Wolff rules out formal role or ‘strategic’ Aston investment

Toto Wolff has dismissed talk that he will have a formal role or ‘strategic’ stake in Aston Martin, even though he could make a personal financial investment in the British sportscar manufacturer.

The Mercedes motorsport boss’s future has been the subject of intense speculation for months, with his current contract running out at the end of 2020.

Last year he emerged as a candidate to potentially replace Chase Carey as the boss of F1, while more recently he has been linked with opportunities at Aston Martin.

While it is understood a personal financial investment in Aston Martin could be on the cards, he is clear that his focus is on sorting out a new deal to remain at Mercedes.

Speaking to Austrian daily newspaper Osterreich, Wolff said that the impact of the coronavirus pandemic had put a halt to talks with his bosses about his future.

But, despite expressing some unease about unidentified developments in F1, he said that he was all set to stay where he is.

“I’m in the eighth year now,” he said. “I love sports and this team. However, I am somewhat surprised by the turn of events over the winter and by the behaviour of individual people.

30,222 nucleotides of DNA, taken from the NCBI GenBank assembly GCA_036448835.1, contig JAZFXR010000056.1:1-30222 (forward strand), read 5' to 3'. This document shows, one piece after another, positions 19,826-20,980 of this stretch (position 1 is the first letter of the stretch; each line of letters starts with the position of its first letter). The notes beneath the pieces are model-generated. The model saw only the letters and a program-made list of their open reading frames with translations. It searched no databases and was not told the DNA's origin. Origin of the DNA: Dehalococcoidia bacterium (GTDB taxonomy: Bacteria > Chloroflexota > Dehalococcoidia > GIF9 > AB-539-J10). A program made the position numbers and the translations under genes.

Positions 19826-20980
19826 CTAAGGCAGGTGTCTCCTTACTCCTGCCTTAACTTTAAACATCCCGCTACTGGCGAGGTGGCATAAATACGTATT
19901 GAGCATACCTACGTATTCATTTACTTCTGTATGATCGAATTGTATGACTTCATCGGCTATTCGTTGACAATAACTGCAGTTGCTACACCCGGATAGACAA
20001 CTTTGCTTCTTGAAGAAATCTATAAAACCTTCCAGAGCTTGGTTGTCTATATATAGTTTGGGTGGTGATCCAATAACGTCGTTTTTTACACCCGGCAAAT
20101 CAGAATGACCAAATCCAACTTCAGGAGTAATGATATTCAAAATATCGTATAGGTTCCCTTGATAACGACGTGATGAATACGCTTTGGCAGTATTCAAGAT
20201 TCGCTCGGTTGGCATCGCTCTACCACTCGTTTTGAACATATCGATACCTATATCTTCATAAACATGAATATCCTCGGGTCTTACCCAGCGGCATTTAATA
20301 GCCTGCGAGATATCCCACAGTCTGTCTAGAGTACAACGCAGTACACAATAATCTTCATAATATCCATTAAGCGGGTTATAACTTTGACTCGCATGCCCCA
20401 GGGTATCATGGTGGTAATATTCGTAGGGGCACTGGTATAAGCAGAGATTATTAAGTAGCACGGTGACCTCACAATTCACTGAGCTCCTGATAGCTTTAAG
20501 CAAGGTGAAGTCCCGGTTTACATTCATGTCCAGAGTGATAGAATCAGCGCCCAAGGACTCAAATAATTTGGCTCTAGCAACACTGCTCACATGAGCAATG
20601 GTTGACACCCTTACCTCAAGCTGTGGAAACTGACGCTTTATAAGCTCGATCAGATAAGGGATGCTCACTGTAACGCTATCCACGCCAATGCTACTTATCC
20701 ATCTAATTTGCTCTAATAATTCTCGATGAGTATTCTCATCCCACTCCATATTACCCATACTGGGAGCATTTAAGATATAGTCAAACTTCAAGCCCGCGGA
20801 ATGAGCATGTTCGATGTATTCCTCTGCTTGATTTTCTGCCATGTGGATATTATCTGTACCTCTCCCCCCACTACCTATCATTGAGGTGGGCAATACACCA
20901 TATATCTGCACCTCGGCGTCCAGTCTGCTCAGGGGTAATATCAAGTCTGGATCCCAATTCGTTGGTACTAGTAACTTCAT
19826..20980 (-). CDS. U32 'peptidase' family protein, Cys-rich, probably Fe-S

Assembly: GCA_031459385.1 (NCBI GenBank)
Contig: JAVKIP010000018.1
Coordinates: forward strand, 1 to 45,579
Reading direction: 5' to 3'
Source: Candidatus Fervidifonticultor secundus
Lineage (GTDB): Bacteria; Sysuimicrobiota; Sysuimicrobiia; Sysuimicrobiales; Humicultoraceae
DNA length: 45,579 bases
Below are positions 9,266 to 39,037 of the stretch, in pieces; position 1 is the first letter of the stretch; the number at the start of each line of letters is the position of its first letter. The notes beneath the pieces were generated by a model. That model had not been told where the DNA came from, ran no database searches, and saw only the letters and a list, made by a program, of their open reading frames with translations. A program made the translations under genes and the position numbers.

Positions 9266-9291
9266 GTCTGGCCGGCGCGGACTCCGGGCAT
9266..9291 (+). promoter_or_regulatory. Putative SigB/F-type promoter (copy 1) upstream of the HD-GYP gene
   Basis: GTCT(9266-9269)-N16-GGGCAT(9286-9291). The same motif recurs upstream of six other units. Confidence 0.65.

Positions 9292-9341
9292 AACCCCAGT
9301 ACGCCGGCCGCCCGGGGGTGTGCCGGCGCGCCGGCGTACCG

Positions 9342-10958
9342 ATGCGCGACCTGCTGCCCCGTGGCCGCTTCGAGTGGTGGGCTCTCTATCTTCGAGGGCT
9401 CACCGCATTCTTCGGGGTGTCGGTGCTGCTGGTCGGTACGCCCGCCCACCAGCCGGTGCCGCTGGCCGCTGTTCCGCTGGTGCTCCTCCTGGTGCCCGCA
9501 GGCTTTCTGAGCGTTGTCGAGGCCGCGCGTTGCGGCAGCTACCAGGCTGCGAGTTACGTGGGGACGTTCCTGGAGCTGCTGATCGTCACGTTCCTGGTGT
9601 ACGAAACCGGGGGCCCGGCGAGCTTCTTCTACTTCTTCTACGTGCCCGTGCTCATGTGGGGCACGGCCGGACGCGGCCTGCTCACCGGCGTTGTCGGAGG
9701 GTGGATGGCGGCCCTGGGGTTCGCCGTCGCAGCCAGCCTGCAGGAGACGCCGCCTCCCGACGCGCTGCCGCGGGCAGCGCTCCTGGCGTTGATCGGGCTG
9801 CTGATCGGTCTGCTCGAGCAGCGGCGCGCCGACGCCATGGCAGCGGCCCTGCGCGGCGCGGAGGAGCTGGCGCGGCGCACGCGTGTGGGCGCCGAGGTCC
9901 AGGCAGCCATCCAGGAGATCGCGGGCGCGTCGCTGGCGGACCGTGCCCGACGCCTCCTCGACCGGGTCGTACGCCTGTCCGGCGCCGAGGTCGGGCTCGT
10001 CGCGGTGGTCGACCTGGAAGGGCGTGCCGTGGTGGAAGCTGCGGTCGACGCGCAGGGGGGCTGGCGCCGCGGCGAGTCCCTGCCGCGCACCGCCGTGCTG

“Of course, this also has to do with my decision on what to do in 2020 and beyond. But I am and will remain the head of Mercedes Motorsport and F1 boss, and nothing will change in the short term.”

Asked about the speculation over his Mercedes future, Wolff said: “In most stories that could be read about it, people added up 1 + 1 and turned it into 3.

“What is my current status? My participation in Mercedes is solid, my contract runs until the end of 2020, and we are still in good discussions about what we want to do together.

“We are discussing. But all of this has been pushed into the background by Corona. We all have bigger problems to solve now – human problems in our companies.”

He added: “I’m not going to become CEO of Aston Martin, and I’m not going to make a strategic investment there either.”

Wolff is a good friend with Aston Martin executive chairman Lawrence Stroll and, although a personal financial investment in the company is possible, he is clear that there is no intention to do anything else.

“Stroll and his team are a big customer of our racing team,” he said. “They purchase engines, gearboxes and suspension parts from Mercedes.

“In addition, Lawrence has been a good friend of mine for many years – regardless of our business relationships.”

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